It’s easy to feel good about our self-control. Why? Because it part of our sinful nature to compare ourselves to others. It’s easy to look at a teenage mother and think, ‘Well, at least I didn’t get pregnant before I was married so I have more self-control than she does.’ Or to look at the person struggling with addiction and think, ‘Well, at least I don’t do drugs or do out drinking so I have a good amount of self-control.’ Or how about looking at the person who losses their cool and starts yelling at someone? Have you ever thought, ‘Well, I would never loss my temper like that because I can control myself?’
Those sorts of comparisons are great ways to justify our short-comings and ignore what God is calling us to work on in our lives. Instead of looking down on others for their shortcomings, challenge yourself to control your sinful nature and see them as Jesus sees does. Celebrate that the teenage mother is choosing to give birth to her baby instead of aborting. Reach out to the person struggling with addiction and offer to be someone they can call when they need help to make the choice to walk away from temptation. Be honest with yourself, could you really have kept your cool as long as that other person did before they reached a tipping point? Is there something you could do to help relieve the tension/stress which contributed to the loss of temper?
These sorts of questions give us a much better self-evaluation of our self-control. They remind us that we have made mistakes and others have been gracious to forgive us and show us mercy. They remind us that each person faces different temptations and while you could resist one temptation easily, everyone has at least one temptation they struggle to resist and so need the power of the Holy Spirit to be successful at doing so.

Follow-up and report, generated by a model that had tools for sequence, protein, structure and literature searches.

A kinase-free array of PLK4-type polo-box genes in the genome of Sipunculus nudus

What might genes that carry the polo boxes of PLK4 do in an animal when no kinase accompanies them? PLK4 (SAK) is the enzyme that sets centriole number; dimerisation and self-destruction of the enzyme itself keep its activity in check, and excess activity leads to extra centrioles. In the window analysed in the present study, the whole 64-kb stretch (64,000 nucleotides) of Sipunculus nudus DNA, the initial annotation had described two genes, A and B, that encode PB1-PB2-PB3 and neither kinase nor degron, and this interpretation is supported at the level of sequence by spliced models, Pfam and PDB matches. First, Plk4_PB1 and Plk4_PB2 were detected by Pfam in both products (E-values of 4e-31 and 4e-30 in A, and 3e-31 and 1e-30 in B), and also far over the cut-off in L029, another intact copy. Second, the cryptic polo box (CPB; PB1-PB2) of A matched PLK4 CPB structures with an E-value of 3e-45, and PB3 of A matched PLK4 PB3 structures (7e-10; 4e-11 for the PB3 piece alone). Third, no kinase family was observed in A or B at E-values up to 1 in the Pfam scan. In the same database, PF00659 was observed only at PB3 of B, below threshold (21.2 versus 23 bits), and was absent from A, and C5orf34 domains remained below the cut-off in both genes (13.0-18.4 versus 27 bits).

Just yesterday the Christian church started a season known as Lent. It’s a season which lasts 40 days and ends with Easter Sunday. Part of the focus of these next days and weeks is remembering Jesus’ 40 days in the desert fasting and being tempted by Satan. Jesus resisted. It’s worth pointing out that Jesus was lead into the desert by the Spirit (Matthew 4:1) and there is no mention of the Spirit then leaving him to his own devices. Just like Jesus, we have the power of the Holy Spirit with us as we resist various temptations.
Click HERE to check out an article which talks about how self-control is part of every fruit of the Spirit.
If you have ever been around a dog, you probably know they get super excited for treats. I can’t blame them. I get super excited for treats as well. Have you ever seen the videos of dogs who have learned the self-control to let a treat lie where it is put until their master gives the OK to eat it? For me, they are a reminder that if a dog can learn to resist a tempting treat, I can learn to resist temptation as well. Check out an example below!
One of the things which is unique to self-control is that you can often point to an exact moment where you clearly resisted temptation. Be it big or small, think about one of those moments. How did you feel? Is that feeling at all motivating to resist the same temptation in the future? Now think about a moment where you failed to resist temptation, again big or small. How does the failure make you feel? How can you rely on God’s help to turn those times you tend to fail into times you succeed?